Tuesday, January 15, 2008
What do you do with bad news. Early on in our time living in Exeter we got a parking ticket for having our car parked opposite our house, because we forgot that it was a time-restricted bit of the road. What should we do with the ticket? Two options aren't there? Face it and pay it, or put it in the bin and hope it goes away. Bad news is never great to face but we know which one is the productive route to take.
Here we find, in Amos 7, two ways to face the problem of God's anger. And it is a real problem. Jonathan Edwards famously put it when preaching 'Sinners in the hands of an angry God': There is nothing that keeps wicked men, at any one moment, out of hell, but the mere pleasure of God. The threat of divine judgement is deadly serious and not something to be taken lightly. Amos is deeply aware of that as God's word comes again and again to him.
Martin Downes notes: Robert M'Cheyne and Andrew Bonar were once talking about what they had preached the previous Lord's Day. "On Hell," said one, to which the other asked "did you do it with tears?"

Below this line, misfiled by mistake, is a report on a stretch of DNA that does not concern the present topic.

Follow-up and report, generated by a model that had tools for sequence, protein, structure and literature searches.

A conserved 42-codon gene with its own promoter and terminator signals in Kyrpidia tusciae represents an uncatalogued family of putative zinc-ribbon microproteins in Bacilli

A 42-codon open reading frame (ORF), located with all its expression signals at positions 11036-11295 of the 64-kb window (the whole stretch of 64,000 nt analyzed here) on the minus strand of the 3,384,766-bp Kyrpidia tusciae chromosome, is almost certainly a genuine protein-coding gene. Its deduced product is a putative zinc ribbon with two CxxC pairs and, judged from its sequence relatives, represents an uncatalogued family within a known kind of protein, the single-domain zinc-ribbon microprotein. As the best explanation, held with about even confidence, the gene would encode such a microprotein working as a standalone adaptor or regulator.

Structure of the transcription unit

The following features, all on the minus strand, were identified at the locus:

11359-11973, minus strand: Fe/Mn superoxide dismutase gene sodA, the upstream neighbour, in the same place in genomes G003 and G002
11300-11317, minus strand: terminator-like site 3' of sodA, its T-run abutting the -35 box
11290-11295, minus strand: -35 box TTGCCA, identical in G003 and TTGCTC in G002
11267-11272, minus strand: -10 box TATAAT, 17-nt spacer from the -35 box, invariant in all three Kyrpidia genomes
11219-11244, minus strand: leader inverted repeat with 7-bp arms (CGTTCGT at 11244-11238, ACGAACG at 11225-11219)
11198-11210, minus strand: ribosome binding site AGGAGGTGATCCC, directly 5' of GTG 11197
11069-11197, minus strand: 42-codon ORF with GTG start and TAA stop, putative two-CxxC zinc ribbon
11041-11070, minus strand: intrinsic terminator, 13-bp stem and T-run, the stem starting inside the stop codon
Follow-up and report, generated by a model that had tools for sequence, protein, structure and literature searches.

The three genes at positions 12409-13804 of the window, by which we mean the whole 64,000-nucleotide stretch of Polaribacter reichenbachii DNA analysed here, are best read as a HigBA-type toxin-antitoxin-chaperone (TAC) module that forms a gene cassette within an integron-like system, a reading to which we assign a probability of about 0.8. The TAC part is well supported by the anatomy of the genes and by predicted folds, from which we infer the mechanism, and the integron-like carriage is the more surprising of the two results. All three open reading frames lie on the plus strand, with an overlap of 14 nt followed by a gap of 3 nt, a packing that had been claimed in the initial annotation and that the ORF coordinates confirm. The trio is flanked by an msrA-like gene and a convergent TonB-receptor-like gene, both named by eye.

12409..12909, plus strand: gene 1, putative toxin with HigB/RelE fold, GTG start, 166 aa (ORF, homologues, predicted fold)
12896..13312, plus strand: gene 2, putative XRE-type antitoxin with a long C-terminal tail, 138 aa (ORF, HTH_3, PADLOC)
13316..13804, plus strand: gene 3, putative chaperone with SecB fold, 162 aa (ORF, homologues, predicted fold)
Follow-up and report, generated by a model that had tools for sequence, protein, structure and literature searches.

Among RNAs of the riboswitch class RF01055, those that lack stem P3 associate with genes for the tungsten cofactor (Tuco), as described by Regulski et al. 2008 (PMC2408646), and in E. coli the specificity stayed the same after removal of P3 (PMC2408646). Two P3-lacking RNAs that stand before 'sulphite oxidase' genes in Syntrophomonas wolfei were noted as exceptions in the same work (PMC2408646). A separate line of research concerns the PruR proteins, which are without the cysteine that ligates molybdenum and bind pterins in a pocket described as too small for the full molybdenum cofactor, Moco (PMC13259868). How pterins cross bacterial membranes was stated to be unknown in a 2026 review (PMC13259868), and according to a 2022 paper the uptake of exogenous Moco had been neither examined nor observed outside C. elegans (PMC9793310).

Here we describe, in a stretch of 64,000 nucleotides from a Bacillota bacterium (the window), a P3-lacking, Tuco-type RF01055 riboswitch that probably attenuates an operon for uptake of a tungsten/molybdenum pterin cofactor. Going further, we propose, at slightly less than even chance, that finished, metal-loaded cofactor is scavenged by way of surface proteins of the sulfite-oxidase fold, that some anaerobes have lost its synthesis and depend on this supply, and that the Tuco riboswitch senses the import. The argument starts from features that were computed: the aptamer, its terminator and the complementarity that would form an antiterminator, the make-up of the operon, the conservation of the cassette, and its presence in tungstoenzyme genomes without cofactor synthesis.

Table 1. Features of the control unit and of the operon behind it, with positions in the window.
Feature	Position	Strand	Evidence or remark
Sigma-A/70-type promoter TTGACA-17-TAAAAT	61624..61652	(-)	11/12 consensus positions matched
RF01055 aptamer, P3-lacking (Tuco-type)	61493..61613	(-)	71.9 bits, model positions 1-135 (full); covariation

1. Avoid judgement by seeking grace
Here, in chapter 7, he is given visions. He sees locusts coming to strip the land clean (v1). He cries out for forgiveness. The cycle repeats this time with the threat of fire. The imagery is shocking and devastating. Amos the shepherd-prophet understandably tries to avert God's judgement from his people. And he succeeds in part. The third cyle does bring an inescapable judgement - the plumb line is hung and there will be no further restbite for them. The idols will be destroyed and the king will fall by the sword. That third cycle triggers the second episode here, but before turning to that return to the first two cycles. See Amos' attempt to avoid destruction.
1. He pleads for forgiveness. Surely this implies that he acknowledges the sin of the people. They need to be forgiven else they die.
2. He seeks forgiveness. That is, he turns to the LORD who is angry for grace.
3. He pleads promises. He asks "How can Jacob survive?". Reading all their prior offenses we might ask - who cares if Jacob survives? - let him be judged. But God has made promises to his people. They must continue. For all their sin, they must survive.